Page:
Pu’u O’o on October 3, 1997. This is the vent at the site where current eruptions are occuring. Pierrehttp://volcano.und.nodak.edu/vwdocs/current_volcs/kilauea/kilauea.html
Facts about Kilauea Volcano
Location 19.425 N 155.292 W
Elevation above sea level 4,190 ft
Area 552 mi2 (13.7% of Hawai`i)
Volume 6,000-8,500 mi3
The caldera itself has no Hawaiian name other than Kilauea but contains the famous crater, Halema`uma`u; “hale” means house, “ma`uma`u” is a type of fern. Kamapua`a, was a jilted suitor of the goddess Pele, is said to have built a house of ferns over Halema`uma`u to keep Pele from escaping her home and causing eruptions. In the end it failed.
Dimension: 6 x 6 km (outermost faults), 3 x 5 km (main depression)
Depth: 165 m deep
Age: probably several incremental collapses 500-210 years ago
Oldest Dated Rocks
23,000 years old
Estimated Age of Earliest Subaerial Eruptions
Estimated Age of First Eruption of Kilauea
300,000-600,000 years before present
Eruption History of the Kilauea Volcano
Kilauea began to form about 300,000-600,000 years ago and it has been erupting ever since. Kilauea rose above the surface of the sea as an island perhaps 50,000-100,000 years ago.
Throughout its life Kilauea has erupted from three main areas, its summit and two rift zones. The high summit of the volcano is a result of more frequent eruptions than other locations on the volcano.
Eruptions along the east rift zone have built a ridge that extends from the summit 125 km and the southwest rift zones have built ridges reaching outward 35 km.
Most eruptions are non-explosive, sending lava flows slowly down slope. As these eruptions continue they gradually build up the volcano and give it its gentle topography. (http://hvo.wr.usgs.gov/kilauea/history/main.html)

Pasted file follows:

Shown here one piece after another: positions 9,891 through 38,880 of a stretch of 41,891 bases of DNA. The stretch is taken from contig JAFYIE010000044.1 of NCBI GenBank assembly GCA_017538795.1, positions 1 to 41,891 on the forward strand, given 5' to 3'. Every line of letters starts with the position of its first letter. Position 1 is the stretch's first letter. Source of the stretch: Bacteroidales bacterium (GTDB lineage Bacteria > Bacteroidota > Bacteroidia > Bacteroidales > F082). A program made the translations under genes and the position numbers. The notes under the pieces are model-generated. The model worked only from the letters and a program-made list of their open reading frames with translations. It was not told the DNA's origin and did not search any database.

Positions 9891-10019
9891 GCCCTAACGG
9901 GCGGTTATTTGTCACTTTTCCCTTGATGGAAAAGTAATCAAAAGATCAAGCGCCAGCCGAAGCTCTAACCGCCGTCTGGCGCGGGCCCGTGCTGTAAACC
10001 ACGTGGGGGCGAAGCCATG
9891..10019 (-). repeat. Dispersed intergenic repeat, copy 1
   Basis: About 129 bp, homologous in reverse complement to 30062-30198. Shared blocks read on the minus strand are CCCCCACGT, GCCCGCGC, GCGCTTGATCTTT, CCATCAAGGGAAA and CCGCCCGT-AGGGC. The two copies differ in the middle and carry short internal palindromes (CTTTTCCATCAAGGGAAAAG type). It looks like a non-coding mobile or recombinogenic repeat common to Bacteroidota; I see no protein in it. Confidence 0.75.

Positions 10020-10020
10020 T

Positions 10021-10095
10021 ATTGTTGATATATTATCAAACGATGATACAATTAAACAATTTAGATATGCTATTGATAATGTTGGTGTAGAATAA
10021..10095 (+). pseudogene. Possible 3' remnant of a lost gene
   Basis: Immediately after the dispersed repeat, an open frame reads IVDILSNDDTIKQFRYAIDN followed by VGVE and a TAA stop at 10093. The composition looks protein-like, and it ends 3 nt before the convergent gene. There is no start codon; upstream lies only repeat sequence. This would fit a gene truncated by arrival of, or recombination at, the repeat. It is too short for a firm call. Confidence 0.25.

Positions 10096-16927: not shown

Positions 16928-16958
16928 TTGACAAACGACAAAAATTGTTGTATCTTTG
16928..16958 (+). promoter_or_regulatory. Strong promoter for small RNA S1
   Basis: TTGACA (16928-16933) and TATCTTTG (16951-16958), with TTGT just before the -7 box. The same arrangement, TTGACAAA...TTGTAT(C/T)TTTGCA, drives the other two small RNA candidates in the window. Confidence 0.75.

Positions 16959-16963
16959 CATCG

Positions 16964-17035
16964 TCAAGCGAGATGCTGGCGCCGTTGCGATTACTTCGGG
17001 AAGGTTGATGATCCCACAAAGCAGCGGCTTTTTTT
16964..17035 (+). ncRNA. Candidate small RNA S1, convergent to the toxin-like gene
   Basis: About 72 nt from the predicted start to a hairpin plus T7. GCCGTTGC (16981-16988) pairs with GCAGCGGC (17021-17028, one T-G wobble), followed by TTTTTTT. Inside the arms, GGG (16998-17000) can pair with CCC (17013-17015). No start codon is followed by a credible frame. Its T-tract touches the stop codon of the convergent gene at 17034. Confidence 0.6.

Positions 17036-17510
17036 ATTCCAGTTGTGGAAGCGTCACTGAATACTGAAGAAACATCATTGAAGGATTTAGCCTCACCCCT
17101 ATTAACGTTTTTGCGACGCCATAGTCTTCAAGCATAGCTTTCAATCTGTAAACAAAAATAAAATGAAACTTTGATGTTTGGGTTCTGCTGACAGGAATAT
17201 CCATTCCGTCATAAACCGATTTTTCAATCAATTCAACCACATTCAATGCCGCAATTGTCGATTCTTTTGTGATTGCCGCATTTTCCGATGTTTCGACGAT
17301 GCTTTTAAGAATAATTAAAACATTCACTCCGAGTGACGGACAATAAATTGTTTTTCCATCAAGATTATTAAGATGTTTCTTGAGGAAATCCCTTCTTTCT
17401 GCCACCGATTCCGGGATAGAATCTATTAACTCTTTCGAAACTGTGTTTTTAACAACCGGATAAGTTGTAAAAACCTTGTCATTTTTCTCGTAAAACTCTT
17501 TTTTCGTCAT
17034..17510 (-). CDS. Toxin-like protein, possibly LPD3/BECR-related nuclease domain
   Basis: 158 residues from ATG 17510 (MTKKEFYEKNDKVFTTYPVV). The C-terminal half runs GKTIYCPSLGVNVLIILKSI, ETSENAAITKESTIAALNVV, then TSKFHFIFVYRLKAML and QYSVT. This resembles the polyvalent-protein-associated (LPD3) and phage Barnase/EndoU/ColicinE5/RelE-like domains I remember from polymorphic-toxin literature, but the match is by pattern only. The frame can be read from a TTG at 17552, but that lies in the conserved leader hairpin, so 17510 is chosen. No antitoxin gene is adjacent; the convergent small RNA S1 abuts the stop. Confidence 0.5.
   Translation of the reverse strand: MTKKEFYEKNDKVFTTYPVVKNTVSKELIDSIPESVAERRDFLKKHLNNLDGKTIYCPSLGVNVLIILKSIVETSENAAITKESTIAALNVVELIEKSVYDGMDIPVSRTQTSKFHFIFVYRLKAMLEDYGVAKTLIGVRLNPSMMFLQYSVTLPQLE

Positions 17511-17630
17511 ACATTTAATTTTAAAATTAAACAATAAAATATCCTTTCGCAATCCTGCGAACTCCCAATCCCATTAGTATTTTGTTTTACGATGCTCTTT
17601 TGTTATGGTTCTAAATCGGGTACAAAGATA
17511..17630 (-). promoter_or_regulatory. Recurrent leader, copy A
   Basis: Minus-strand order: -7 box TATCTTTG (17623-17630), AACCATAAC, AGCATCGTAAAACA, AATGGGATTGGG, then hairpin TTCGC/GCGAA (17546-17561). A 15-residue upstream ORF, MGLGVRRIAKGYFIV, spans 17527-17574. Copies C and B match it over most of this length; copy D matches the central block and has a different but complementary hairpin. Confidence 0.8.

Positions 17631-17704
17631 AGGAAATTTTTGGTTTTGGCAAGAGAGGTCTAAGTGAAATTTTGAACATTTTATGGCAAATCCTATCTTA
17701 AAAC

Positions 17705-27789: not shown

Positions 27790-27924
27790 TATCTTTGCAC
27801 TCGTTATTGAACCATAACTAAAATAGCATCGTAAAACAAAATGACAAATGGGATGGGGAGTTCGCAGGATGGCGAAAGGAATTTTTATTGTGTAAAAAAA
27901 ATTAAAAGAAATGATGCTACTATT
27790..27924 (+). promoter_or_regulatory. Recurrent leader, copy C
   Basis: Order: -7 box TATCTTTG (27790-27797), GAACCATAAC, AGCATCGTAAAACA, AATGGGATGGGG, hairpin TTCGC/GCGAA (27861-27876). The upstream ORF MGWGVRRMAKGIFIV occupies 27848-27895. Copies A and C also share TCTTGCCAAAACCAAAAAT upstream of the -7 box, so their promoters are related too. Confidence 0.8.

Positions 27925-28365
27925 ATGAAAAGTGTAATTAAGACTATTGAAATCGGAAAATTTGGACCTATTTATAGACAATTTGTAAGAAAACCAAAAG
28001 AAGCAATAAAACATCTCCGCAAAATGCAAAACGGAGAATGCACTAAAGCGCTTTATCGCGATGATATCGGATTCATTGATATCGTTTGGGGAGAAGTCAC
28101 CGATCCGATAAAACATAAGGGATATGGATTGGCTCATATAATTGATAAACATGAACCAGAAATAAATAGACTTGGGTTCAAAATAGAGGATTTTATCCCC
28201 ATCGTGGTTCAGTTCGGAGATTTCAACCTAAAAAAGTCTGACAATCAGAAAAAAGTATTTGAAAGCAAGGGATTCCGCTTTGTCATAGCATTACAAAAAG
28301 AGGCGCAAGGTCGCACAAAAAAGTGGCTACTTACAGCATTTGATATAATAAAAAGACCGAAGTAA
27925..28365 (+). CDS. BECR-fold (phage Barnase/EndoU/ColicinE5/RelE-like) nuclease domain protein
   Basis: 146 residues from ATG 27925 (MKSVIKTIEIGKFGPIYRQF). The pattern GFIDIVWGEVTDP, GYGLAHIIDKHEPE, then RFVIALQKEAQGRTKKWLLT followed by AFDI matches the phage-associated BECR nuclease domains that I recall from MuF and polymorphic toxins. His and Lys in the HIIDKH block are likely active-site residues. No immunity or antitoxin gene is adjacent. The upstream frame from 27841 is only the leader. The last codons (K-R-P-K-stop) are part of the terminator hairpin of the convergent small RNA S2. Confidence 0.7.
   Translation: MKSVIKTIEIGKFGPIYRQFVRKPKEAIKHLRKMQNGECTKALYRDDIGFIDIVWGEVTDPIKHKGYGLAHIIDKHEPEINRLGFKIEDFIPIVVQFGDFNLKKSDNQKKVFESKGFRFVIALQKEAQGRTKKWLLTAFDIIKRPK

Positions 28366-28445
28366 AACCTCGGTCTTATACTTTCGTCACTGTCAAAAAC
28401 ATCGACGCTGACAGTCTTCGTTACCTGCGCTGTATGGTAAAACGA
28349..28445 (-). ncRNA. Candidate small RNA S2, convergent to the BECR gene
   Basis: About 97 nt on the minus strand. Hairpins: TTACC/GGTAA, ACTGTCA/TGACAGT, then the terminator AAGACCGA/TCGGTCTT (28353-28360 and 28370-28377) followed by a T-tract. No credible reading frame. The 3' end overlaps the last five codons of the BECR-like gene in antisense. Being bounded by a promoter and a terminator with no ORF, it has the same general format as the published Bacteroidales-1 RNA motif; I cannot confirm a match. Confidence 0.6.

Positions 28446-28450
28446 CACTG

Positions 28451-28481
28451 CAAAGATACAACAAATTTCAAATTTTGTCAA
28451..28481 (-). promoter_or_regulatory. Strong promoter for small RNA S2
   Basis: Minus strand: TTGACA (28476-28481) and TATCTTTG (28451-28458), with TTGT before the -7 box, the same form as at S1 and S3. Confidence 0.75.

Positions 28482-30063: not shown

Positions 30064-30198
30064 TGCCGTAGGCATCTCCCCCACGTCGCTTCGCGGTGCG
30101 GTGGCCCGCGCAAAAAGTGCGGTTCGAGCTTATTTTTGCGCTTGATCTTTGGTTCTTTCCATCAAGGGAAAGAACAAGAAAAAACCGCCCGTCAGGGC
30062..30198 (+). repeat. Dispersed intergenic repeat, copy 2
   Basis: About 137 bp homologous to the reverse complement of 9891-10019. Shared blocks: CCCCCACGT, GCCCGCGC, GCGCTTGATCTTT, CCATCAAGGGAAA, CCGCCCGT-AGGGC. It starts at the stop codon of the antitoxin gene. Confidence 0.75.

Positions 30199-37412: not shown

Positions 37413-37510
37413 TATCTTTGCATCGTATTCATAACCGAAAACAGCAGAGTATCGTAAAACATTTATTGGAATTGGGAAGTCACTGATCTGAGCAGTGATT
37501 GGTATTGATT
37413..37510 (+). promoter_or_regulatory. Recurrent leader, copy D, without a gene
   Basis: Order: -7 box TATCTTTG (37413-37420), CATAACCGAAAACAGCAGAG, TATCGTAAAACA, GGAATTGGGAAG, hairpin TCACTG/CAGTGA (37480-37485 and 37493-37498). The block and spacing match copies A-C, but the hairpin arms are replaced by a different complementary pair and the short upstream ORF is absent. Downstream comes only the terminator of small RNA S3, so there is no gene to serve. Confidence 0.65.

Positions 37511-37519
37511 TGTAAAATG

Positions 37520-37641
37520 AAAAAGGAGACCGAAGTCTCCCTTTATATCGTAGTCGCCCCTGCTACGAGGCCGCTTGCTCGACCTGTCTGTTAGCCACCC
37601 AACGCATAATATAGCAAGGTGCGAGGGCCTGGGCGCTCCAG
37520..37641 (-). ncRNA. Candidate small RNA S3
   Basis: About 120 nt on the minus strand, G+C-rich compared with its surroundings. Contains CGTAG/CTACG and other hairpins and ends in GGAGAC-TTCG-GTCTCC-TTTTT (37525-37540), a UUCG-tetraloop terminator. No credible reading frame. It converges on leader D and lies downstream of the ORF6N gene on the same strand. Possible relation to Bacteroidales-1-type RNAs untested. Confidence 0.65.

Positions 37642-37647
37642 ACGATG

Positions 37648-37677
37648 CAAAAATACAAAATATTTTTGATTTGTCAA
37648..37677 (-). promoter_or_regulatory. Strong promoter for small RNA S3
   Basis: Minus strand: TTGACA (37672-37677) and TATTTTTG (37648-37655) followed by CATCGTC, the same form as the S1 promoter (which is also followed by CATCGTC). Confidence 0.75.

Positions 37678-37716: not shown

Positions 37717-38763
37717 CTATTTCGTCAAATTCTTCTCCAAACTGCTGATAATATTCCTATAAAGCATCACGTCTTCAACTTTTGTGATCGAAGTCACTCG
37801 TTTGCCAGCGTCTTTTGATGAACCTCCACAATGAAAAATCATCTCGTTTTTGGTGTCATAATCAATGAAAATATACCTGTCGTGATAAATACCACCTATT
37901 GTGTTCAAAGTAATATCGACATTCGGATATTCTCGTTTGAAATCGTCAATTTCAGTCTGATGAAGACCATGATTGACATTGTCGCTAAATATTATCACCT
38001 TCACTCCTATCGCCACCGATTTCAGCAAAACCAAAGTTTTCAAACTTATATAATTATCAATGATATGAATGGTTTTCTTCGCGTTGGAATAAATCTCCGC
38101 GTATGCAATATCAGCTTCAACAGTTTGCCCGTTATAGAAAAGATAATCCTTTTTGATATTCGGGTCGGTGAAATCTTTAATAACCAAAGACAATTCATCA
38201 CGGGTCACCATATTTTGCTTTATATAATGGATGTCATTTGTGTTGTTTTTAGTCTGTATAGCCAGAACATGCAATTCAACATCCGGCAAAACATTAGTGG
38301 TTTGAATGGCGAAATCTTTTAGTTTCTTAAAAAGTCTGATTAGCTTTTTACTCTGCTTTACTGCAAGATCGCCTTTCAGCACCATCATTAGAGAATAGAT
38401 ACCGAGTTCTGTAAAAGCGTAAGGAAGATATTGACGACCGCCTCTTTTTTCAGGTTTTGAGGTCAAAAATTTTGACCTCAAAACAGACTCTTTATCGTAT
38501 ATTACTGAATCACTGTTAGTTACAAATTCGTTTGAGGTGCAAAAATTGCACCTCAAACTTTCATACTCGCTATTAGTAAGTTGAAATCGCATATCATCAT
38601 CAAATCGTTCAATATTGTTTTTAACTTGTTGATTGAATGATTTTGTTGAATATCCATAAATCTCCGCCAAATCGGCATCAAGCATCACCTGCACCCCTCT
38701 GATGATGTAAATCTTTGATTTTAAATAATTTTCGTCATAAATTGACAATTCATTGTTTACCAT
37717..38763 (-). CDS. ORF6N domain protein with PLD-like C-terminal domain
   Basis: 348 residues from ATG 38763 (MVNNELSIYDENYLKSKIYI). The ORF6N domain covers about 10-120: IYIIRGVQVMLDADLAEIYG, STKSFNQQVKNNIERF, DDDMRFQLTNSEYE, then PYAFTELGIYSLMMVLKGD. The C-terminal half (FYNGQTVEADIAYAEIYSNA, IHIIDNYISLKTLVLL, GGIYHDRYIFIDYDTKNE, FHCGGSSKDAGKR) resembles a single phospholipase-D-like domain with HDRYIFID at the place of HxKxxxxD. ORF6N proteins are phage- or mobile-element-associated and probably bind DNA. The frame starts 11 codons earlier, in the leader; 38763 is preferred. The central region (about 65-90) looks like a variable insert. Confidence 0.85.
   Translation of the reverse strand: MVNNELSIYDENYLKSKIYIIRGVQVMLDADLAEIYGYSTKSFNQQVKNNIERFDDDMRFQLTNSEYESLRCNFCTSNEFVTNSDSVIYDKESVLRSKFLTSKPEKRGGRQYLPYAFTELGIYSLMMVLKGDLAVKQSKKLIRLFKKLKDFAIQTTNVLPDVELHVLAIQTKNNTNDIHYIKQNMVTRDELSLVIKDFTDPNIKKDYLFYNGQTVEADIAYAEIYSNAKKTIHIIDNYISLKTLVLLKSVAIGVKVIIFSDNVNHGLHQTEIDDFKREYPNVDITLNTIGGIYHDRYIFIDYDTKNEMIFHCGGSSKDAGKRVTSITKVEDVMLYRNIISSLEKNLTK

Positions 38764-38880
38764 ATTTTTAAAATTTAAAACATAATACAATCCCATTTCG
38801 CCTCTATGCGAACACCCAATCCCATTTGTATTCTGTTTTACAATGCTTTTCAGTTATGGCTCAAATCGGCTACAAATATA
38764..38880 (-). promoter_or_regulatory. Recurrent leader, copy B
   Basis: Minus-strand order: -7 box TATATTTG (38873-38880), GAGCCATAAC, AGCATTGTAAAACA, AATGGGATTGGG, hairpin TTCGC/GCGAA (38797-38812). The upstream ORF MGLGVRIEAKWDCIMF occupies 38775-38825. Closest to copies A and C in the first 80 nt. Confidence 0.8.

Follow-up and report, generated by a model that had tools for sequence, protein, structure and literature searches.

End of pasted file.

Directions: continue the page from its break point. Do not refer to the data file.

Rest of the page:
Find out more about historical eruptions of Kilauea!
Active Volcanic Eruptions
Kilauea is the youngest volcano on the Island of Hawaii. Research over the past few decades shows that Kilauea has its own magma-plumbing system, extending to the surface from more than 60 km deep in the earth.
Kilauea caldera was the site of continuous activity during the 19th century and the early part of this century. Since 1952 there have been 34 eruptions, and since January 1983 eruptive activity has been continuous along the east rift zone. All in all, Kilauea ranks among the world’s most active volcanoes and may even be on top of the list.
On January 3, 2003 the ongoing volcanic eruption of Kilauea on Hawaii’s Big Island turned 20 years old, becoming Earth’s longest- ever recorded eruption in history.
Learn about the hazards of Kilauea!
Thin strands of volcanic glass drawn out from molten lava are called Pele’s hair. One strand has a diameter of less than 0.5 mm, and may be 2 m long. They are formed by the stretching or blowing-out of molten basaltic glass from lava, usually from lava fountains, Pele’s hair is often carried high into the air during fountaining, and wind can blow the glass threads several tens of kilometers from a vent.
Small bits of molten lava in fountains can cool quickly and solidify into glass particles shaped like spheres or tear drops called Pele’s tears, They are jet black in color and are often found on one end of a strand of Pele’s hair.
Photograph of Pele’s Tears Photograph by J.D. Griggs in November 198